First-Person Flier: An Account of Air Travel in 2010 (Part 1)
I’m traveling for Christmas this year and with all the buzz around searches and groping and whatnot, I thought it might be interesting to document my experience with TSA on both legs of the journey. My point of departure was Fargo, North Dakota, which will never make a top ten list of busiest airports. As such, it lags behind in implementing new technologies (if not new procedures). In other words, there aren’t going to be any full-body scanners. Would this mean full pat downs for all?
Thankfully no. My printer being out of ink, I had to print off boarding passes at the self-service kiosks. These were not working however, which meant I couldn’t bypass the ticket agent and go straight to the security line. The agent was friendly, but I noticed that he didn’t ask for ID before handing me the passes; my name (and the names of those traveling with me) were enough to get them. That seemed odd at first — that certainly has never been my experiece in the past — but it made sense when I realized the TSA agent at the security checkpoint would check the boarding pass against my ID anyway. I made my way to the security checkpoint.
The TSA agent was sullen and not up for any banter, not responding when I said “hello”. He scrutinized my driver’s license with a practiced eye, looking for the slightest evidence I was not who I claimed to be. He grudgingly passed me on with a grunt and a thrust of his head and I moved on to the conveyor belt that would carry all my belongings into the X-Ray machine.
Fargo is still stuck firmly in 2005 when it comes to the X-Ray process. I’ve been to airports that no longer require you to take off your shoes (McCarran in Las Vegas comes to mind). I’ve been to airports that no longer expect you to remove your toiletries for inspection (just about all of them come to mind). Fargo maintains all these requirements, however. They also want toiletries in a clear plastic bag for easy inspection. Nothing says safety like clear plastic. Since I visit family at least once a year, I keep a kit there so I don’t have to pack anything except prescription meds, so I can bypass all this silliness.
Once through the line and re-dressed, we get to our gate with about thirty minutes to spare. Once we lined up to board there was a new wrinkle: random ID checks. A few people were approached by an agent and asked for ID. One of my companions were approached in this way. Since we were through the security checkpoint all our wallets were stored so it took some digging, but whatever. The agent didn’t ask for a boarding pass, just an ID. I’m not exactly sure what this measure was supposed to do. The agent didn’t have a list of names to check the ID against. Unless she had the entire no-fly list memorized, the whole thing seemed like a feel good, “we’re doing something” procedure. After all, no one who was in the gate area could have gotten there without going through the security gate which you couldn’t do without… an ID.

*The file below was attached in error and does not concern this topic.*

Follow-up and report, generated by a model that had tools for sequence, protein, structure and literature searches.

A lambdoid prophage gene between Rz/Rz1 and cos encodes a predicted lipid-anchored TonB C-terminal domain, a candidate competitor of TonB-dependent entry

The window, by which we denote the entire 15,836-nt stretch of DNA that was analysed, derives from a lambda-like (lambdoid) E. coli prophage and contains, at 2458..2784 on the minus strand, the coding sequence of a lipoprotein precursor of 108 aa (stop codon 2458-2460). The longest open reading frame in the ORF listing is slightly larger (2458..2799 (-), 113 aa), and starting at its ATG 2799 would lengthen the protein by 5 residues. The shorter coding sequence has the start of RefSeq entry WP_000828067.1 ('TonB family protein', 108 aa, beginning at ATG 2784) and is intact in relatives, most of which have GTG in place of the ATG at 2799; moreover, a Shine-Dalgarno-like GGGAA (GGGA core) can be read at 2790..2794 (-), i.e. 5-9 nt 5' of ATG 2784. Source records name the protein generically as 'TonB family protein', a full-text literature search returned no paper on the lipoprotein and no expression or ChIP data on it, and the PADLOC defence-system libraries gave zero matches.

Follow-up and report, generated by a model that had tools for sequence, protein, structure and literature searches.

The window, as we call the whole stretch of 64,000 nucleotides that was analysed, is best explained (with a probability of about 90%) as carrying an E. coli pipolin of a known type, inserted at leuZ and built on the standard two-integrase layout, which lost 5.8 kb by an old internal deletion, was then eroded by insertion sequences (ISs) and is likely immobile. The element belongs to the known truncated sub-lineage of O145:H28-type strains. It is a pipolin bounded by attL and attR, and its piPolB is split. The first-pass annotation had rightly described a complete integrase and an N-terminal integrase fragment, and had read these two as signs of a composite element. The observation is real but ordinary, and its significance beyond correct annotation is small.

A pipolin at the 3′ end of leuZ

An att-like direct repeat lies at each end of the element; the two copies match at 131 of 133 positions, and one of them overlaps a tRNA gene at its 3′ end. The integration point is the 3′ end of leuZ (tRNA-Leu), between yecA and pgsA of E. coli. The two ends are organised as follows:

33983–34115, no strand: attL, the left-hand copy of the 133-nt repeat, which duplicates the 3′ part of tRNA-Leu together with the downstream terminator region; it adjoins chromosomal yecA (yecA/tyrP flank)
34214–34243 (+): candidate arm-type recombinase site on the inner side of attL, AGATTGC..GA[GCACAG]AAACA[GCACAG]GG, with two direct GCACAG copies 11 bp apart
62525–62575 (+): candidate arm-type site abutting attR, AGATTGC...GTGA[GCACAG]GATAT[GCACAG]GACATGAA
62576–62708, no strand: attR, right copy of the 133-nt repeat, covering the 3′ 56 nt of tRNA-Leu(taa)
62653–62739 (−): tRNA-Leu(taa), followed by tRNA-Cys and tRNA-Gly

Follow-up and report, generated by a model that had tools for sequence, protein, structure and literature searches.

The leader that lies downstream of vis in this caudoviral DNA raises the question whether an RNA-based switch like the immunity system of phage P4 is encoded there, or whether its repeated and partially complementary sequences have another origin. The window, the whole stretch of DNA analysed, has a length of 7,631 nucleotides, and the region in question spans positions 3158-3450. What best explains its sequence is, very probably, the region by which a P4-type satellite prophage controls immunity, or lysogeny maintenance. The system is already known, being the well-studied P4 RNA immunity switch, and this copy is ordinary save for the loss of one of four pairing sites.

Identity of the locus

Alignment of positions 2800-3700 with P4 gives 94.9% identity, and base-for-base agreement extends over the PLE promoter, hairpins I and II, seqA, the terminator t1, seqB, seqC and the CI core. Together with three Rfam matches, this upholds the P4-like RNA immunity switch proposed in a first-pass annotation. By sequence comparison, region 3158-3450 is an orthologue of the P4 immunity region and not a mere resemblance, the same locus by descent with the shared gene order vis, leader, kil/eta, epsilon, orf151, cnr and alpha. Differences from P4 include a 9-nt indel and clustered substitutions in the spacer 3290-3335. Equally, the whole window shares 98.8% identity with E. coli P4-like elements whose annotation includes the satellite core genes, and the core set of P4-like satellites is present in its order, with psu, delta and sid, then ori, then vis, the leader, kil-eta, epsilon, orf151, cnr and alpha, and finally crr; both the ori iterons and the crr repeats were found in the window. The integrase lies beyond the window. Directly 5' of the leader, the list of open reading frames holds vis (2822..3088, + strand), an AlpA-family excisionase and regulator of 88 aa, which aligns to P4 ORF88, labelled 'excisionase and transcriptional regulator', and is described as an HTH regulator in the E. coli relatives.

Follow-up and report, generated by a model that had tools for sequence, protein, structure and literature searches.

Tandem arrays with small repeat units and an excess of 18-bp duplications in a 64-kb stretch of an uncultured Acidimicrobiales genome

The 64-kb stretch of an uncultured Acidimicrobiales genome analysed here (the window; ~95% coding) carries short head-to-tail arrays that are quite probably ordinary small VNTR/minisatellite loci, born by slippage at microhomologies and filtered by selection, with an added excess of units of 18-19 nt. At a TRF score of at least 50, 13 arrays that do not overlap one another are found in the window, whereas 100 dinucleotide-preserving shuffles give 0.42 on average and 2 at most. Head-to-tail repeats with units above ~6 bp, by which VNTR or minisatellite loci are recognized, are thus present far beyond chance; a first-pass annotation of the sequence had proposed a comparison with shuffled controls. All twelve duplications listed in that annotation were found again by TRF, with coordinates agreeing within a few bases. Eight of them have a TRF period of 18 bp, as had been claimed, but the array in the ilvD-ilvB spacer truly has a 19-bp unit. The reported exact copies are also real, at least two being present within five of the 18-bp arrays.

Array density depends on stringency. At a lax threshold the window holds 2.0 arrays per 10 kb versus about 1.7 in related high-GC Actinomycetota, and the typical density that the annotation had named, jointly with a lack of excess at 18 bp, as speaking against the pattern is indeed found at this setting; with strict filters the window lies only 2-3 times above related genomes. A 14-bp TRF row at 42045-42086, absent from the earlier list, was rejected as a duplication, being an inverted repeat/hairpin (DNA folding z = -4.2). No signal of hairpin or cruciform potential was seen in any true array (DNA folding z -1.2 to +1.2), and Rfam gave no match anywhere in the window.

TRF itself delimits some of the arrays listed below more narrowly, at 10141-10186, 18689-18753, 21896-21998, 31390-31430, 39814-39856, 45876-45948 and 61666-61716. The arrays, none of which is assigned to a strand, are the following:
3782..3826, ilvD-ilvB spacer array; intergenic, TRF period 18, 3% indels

Overall, Fargo’s security process seems a bit over burdensome. It’s saving grace is that it’s a tiny airport which means that it takes little time to get through it. But, no full-body searches or scanners yet, so there’s that. The random checking of IDs inside the gate area just seemed bizarre and unnecessary.
Our return point of origin is Atlana’s Hartsfield-Jackson airport, a completely different kettle of fish. We’re going from one of the smaller “international” airports in the country (Fargo’s Hector International flies to Winnepeg, Manitoba) to one that consistently ranks as one of the busiest in the world. It will be interesting to compare the procedures at the two. If you made it this far, you might be interested in reading part two of this piece next week.
Merry Christmas to all.Tags: air travel, airport security, Atlanta, fargo, homeland security, security, tsa